Strout begins a new urban fantasy series with an imaginative if clumsily written tale about an imprisoned guardian spirit and Alexandra Belarus, an artist like her great-great grandfather who designed much of the early New York skyline. While Lexi’s older brother Devon is a royal pain, he enjoys his role as heir apparent of the family real estate empire leaving her free to do what she pleases. That situation abruptly changes when a building collapsed on Devon, killing him instantly. It’s bad enough that Lexi is forced to take an active role in managing her family’s numerous business interests without having strange men jumping out of the woodwork trying to kill her, good thing she has a guardian.
Stanis awoke from long dreams with the compulsion to protect Lexi and soon, the stone gargoyle is hard pressed to keep her alive long enough to discover who is behind all the assassination attempts. Lexi’s best friends Rory and Marshall quickly rally to her support and while Rory actually enjoys the physical challenges, Marshall is more at home in front of a computer then facing bad guys. When Lexi realizes it is possible to restore Stanis’s humanity as well as bring him to full strength, she begins a quest to find the necessary stones, discovering along the way that like her great-great grandfather, she is a Spellmason with amazing powers. To face the ancient family foe, Lexi and her trusty friends face a steep learning curve and learn the tragic circumstances that led to Stanis’s creation.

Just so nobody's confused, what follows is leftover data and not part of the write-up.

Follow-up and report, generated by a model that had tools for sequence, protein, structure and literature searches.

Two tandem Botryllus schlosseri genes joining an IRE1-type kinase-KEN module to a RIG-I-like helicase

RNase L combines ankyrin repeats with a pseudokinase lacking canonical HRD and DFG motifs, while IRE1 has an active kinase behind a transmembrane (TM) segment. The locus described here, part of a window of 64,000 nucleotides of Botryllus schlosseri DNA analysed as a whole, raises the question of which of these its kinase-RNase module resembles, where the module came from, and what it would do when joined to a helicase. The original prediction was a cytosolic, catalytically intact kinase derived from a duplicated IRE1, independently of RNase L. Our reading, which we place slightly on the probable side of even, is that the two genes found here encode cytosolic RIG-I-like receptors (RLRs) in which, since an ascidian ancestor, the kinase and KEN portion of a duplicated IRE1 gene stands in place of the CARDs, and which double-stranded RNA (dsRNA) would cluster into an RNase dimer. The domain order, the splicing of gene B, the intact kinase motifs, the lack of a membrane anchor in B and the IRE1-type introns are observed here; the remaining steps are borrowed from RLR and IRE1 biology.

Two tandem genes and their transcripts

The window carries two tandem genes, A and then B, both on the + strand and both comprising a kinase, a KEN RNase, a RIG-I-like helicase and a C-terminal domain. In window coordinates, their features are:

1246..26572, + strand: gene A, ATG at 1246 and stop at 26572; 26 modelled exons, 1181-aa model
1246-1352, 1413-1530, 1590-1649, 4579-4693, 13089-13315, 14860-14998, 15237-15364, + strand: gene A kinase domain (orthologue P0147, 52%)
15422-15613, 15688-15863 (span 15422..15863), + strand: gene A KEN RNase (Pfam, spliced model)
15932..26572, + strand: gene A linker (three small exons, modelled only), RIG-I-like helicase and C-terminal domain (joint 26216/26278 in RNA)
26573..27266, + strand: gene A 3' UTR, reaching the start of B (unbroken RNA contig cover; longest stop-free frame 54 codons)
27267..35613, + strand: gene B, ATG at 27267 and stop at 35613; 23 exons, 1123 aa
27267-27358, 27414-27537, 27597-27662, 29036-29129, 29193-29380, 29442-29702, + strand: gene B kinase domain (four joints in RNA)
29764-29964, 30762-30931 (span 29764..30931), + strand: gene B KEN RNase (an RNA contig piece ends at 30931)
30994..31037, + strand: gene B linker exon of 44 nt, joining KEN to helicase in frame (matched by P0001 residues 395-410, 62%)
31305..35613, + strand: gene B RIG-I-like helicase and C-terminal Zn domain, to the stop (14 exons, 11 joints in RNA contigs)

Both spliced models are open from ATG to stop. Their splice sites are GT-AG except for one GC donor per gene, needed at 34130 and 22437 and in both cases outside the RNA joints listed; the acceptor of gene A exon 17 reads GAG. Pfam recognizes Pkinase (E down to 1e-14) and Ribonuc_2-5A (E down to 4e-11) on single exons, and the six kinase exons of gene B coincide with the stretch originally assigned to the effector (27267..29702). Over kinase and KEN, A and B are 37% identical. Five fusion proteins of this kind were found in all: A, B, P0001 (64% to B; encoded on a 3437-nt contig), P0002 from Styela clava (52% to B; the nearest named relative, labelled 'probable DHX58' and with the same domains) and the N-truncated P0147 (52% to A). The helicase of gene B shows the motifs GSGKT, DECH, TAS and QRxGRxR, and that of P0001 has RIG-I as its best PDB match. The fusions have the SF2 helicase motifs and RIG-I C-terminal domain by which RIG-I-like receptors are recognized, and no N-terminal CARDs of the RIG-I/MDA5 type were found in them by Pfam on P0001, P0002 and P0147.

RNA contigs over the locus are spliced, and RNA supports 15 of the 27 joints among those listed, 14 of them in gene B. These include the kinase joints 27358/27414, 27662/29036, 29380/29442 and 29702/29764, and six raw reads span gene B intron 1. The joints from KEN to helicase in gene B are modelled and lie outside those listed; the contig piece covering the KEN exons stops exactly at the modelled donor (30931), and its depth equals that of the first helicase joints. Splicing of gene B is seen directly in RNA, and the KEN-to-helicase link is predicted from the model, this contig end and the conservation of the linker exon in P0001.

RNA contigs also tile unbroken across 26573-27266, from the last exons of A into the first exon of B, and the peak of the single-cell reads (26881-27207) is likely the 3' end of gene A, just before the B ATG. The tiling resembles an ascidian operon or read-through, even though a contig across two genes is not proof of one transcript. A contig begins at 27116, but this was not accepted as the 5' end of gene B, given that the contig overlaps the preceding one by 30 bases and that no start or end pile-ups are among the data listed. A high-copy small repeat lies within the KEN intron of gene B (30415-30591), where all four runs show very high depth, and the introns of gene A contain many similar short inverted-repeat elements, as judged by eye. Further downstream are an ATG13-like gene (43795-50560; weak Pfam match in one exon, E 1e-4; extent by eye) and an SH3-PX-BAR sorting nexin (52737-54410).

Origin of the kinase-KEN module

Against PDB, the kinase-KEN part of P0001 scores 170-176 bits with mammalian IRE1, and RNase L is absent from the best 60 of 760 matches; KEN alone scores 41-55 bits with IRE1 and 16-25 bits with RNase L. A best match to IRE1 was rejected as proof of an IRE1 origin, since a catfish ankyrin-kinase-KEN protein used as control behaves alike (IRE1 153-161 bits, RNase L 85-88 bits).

Inventive and remarkably free of romantic entanglements, this fast moving, inventive fantasy is a nice departure from the typical vampire/shifter/zombie fare. Stanis oozes honor and is certainly the strong if not necessarily silent type. It is remarkable how Stanis’s stony weight can be supported by the many structures he lands in and likely part of the mystery of his creation. One obvious unanswered question is, although Stanis was sworn to protect the family, why Devon wasn’t saved from the building collapse though given his character, maybe no other explanation is necessary. Lexi is an interesting protagonist, at times sassy or whiny, self-reliant or dependant upon her friends; it’s a mix that works. Strout fills in much of the background through running dialog between the characters which doesn’t work as smoothly as could be hoped but given the strength of the storyline, this small flaw is easy to overlook.
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